I remember Cara summing up her feelings perfectly by saying, “intimacy isn’t for others, it’s for you.” And I think this falls under the veil of intimacy, true intimacy, being confined into a predetermined space no one else can see, feel, and experience. Which I think is true. I just don’t think me holding a person’s hand and another witnessing it -- means that person insta-gets how we do intimacy. I think there’d be a lot more single people if that were the case.
I also think there is an obvious “fear of intimacy thing” overlapping with a certain shame the ego feels. That feeling when a friend sees you holding hands with whomever this person you’ve opted to be in your life. I’m no longer “independent Isaiah” I am now “relationship Isaiah.” From that point on you’re branded with the sentence, “oh, glad you made it out, where’s so and so?” What a shame it must be, to be seen as a person -- tied to another person. Thanks a lot handholding and other forms of public affection.
From my perspective, I’ve been fairly spoiled. Any partner I’ve ever had eventually wanted to hold my hand -- ahem -- among other things, in public. And for a long time, I thought that’s just how people worked. As far as intimate relationships, I think I’ve never been bashful about people I’m with. Especially since half of my relationships have been interracial, it means something else if you can’t hold my hand in public. Maybe it doesn’t. Maybe that performative aspect of affection comes along with affection in general.
Going deeper with this, when the affection is cut off because you’re around coworkers, parents, and students. I think that is understandable, but why it’s being cut off is always interesting. I once had a partner that didn’t want me to hold her hand around her boss and students. It centered around her job being “family oriented” and the perception that since she’s not married, then why would she even hold my hand? It always interested me, especially because marriage is beautiful, but there is that patriarchal aspect that deems you property and owned by the male. It also didn’t help that she was white and me being black and in love around her and her coworkers was … well … a story for another time. This did, in a weird twist make me NOT want to do anything publicly intimate until we handled this job perception situation.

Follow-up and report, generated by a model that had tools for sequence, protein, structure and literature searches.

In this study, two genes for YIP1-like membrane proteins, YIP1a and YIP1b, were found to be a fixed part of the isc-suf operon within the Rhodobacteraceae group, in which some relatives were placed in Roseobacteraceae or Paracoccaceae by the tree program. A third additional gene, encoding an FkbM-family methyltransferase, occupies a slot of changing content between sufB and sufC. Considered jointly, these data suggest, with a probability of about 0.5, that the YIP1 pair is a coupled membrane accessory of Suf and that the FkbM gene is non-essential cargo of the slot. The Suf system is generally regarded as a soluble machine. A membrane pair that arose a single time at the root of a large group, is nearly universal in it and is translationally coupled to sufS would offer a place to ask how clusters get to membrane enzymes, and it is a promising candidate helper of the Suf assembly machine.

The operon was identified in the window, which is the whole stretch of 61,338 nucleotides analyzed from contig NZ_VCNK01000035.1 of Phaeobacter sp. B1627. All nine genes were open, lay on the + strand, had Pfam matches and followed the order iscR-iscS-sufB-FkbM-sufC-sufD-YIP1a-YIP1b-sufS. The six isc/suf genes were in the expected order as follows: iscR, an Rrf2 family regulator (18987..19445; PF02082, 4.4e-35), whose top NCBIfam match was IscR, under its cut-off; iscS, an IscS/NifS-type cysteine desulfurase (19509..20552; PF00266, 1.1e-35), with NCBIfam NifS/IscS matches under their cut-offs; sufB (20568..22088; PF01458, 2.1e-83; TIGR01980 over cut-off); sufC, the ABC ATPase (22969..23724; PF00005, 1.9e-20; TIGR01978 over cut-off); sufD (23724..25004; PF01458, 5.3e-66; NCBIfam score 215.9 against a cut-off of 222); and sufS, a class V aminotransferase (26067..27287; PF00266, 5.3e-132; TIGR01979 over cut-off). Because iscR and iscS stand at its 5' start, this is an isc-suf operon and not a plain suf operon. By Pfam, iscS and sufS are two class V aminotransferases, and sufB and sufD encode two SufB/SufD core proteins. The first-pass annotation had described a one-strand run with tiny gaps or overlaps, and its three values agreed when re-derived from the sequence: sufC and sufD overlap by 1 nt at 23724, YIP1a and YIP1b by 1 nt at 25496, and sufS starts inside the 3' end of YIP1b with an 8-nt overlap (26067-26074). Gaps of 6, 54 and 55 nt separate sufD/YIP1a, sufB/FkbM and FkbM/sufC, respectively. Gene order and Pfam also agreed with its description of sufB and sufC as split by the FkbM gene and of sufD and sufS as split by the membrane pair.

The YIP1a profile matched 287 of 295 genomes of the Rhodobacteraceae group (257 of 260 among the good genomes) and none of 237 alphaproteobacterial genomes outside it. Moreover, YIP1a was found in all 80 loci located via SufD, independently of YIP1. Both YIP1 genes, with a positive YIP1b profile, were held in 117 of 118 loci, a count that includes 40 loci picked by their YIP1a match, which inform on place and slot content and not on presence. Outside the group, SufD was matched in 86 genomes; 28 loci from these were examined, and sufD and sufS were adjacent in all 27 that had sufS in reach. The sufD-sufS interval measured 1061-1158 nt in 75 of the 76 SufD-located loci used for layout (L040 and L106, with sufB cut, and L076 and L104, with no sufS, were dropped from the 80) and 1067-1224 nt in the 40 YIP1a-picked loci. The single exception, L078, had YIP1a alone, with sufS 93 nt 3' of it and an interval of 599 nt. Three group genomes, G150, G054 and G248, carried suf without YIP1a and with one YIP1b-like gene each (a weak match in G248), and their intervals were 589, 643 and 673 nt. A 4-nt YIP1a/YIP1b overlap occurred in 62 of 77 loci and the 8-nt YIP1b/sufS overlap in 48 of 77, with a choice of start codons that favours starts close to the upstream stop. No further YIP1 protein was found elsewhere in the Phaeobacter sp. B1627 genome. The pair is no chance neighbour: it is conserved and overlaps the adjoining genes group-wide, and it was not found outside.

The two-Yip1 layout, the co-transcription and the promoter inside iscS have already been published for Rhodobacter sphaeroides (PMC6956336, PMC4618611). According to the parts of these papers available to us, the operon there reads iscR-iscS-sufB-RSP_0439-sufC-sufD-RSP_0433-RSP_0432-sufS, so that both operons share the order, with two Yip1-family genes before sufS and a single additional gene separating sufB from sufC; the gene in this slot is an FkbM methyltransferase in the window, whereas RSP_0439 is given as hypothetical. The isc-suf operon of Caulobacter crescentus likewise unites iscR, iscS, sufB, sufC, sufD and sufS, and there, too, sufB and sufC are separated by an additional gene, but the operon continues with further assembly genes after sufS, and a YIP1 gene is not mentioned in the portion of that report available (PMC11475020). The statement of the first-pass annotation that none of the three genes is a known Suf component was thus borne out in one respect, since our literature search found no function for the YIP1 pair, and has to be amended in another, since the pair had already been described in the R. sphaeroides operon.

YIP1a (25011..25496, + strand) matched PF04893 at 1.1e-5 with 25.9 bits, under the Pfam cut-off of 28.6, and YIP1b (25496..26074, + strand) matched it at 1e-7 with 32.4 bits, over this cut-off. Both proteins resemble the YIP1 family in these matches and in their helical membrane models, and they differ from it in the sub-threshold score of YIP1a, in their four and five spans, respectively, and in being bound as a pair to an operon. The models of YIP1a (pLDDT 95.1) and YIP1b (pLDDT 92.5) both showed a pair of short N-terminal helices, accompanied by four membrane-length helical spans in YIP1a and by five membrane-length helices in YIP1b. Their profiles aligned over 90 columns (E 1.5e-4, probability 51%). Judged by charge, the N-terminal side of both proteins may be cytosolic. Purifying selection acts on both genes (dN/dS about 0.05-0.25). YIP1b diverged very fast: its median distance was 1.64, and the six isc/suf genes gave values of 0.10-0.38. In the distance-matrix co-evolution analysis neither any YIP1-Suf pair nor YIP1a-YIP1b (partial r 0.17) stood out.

It’s very important that you put your legs on me in the movie theater during a horror film. I veil my fright with deep tissue massages to calves. Sorry, that’s just how it goes. At the same time, if you’re the kind of person that only accepts a touch, a glance, a caress with blinds drawn and doors locked -- for fear of our intimacy leaking to the masses, I’d have to put myself in danger and ask, “how important do you think you are?”
Furthermore, how important do you think you are to them versus what we have here. Also, why do you even care?
I’ve engaged in a bit of a kink where I’d tell my partner we can’t touch each other until we get home. Looking back, this could be seen as us “behaving” in public. Or just a simple vanilla way of turning each other into gifts, ripe for the unwrapping once that door locks. Truthfully, we never made it out the car. This also coincides to being grownups. How being a grownup means playing by rules we kinda self-impose on each other and when those rules are broken, how uncomfortable are we?
I don’t date much, so maybe when I do manage to find someone to be intimate with, I’m kinda all-in. So these lines we’ve drawn as grownups in relation to public displays, and me not knowing what’s public and how we draw lines with the physical amongst other manners of affection is the equivalent of long division to me.**
A quiet lake can be much more enticing when you’re in a loud apartment complex.
*the binary is a sham don’t believe it. Don’t!
**Barring some kink and bdsm stuff. I cut out the obvious fact that this article is centered around the privilege that cis hetero monogamous folk, including myself, complain about the strangest things. The idea that someone complains about having their hand held publicly, in a society where we have killed folks depending on public and private displays of affection to their preferred lovers is definitely not lost on me.